Yesterday I had a great run up on the Appalachian Trail with a couple buddies.  We did a car shuttle so the run was point-to-point, heading south from Caledonia State Park (Franklin Co., PA).  I planned on 11 miles while J and K ran on to the next auto access point to make their run a 16 miler.

Anyway, the trail along this segment is pretty rough at spots, with significant elevation change  My favorite expression for this type of run is that "the trail runs slow."  (I realize that should be slowly, being an adverb and all, but I'm being colloquial here).  I'd not run rough trail like this for awhile, so I became rather abused by the trail.

Towards the end, as fatigue caused my running form to decay, I kept catching my toes, stumbling, and nearly falling.  The failure or ability to lift ones feet as little as 1/4" would prove crucial to remaining upright or biting the dust.  I managed to save myself from falls multiple times, so not falling was indeed an accomplishment.  Had the run been longer, however, I feel certain I would have become horizontal.

Earlier in my running career, when I was focused on road racing, up to and including the marathon, I read a great deal about running form and technique.  Seems that according to the "experts," I could be faster if only I did this, or did that.  Just pick up any issue of Runner's World and you will see what I mean.  I dabbled in trying to improve my running form, with no success.  Maybe I didn't work hard enough at it, but eventually I realized that I ran because I liked it, and when I became focused on "improving" I began to dislike running.

I didn't realize it at the time, but my rejection of messing with my form represented the first manifestation of the principles of running for the pure enjoyment of running...and that principle eventually steered my course into trail running and Ultras.  Yay!

I believe that each one of us has a form and technique that is unique to us, predicated upon our physiology and our physique. The way we naturally run is in all likelihood the correct form for us.  Unless you have the potential to be world or national class, just run the way you run and enjoy it.

 
 

Tuesday, October 16, 2012

Caledonia Park...and Ultrarunning



[old picnic table...image credits Gary]

Sunday here in south-central PA was magnificent--temps in the upper 60s, sunny, no wind.  So we (3 generations) made our annual fall pilgrimage to Caledonia State Park for a brunch cookout.

The menu consisted of pancakes, eggs, bagels and cream cheese, sausage, and the "heart attack sandwich": thin-sliced beef tenderloin sauteed with onions, smothered with melted cheese, covered with an egg and served on a toasted bagel.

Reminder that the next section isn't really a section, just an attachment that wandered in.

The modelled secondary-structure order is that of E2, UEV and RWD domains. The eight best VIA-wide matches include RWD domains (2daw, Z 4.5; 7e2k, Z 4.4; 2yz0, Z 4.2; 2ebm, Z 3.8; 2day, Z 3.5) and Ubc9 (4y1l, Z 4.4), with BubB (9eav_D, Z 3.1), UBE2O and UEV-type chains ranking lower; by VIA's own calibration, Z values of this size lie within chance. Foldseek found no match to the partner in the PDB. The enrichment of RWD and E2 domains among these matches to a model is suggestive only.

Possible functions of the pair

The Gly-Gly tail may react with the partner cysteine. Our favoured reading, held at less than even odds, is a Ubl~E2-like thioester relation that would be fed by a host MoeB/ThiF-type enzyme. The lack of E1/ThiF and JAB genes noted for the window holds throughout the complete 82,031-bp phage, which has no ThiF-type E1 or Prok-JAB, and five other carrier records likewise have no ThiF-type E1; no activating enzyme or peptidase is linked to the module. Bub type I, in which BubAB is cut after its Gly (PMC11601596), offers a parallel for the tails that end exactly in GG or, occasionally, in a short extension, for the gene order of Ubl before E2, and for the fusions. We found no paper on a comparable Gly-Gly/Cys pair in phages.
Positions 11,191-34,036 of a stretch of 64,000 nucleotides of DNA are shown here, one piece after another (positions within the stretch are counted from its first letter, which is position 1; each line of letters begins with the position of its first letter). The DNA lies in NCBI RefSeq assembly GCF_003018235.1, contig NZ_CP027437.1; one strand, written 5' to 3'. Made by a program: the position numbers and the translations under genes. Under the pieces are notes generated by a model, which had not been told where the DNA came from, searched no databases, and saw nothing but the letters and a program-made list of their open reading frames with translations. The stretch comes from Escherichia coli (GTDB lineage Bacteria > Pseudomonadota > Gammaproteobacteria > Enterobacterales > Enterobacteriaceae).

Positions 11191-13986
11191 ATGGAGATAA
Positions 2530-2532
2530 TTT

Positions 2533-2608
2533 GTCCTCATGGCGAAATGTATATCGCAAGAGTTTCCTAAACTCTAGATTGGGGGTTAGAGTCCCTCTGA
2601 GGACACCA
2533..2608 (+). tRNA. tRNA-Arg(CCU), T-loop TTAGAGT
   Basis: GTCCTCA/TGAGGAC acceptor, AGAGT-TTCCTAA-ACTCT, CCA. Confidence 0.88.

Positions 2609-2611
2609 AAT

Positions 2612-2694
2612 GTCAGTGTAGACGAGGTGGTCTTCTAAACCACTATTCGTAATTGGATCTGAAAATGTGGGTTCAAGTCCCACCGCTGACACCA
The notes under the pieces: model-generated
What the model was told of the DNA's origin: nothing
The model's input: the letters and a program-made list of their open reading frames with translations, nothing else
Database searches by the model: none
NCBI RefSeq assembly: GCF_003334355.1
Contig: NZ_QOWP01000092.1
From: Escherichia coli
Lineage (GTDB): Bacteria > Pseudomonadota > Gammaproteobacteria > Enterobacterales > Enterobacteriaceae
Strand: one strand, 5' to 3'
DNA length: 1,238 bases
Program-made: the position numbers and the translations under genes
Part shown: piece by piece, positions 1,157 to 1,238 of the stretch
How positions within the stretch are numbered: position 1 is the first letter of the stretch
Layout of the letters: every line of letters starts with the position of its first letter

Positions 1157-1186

Pure cholesterol, of course, but I figure that in any balanced diet, there gotta be room for 1 heart attack sandwich per year.  At least I hope so.

And Nature seldom disappoints.  We walked through one open section of trail surrounded by grassy brush, and were suddenly covered with ladybugs, as my son found out:

 
They were fun and harmless...plus knowing the reputation of ladybugs for being good luck, we carefully brushed them off and were on our way.


Anyway, the Appalachian Trail goes directly through the park, and we hiked a short, flat section of it with the grandkids.  To them it's a fun hike, and they really have no idea--and truth be told, neither would the bride--of what it's like to actually run the trail.  It's like there are two trails, or perhaps more properly, two trail experiences: one for families and/or regular people, and one for trail runners.**

And that's today's connection with Ultrarunning: the feeling of self-sufficiency, of being a good animal, of yearning to see what's up around the bend or over the next hill.  How covering vast distances on foot makes regular hiking seem, well, simply too pedestrian

    **better make that 3: the through hiker experience

 
 

Tuesday, October 2, 2012

Mister Tristan on the Appalachian Trail

Took Mister Tristan--the 4 year old human being, not the blog--over to the Appalachian Trail this weekend for a short hike.

To you folks who know the trail here in south-central PA, we parked at Old Forge and hiked north to the Tumbling Run shelters, so this was pretty short.  The main purpose was just to get out, take a short walk, and drink from a spring to let Mister Tristan know that's how water originally was obtained back in the old days...not from a faucet.

Along the way we saw some deer, some other small critters, and lots of teaberry plants with fruit.  You eat one of these berries and it's like chewing the teaberry gum we enjoyed as kids back in the 1950s: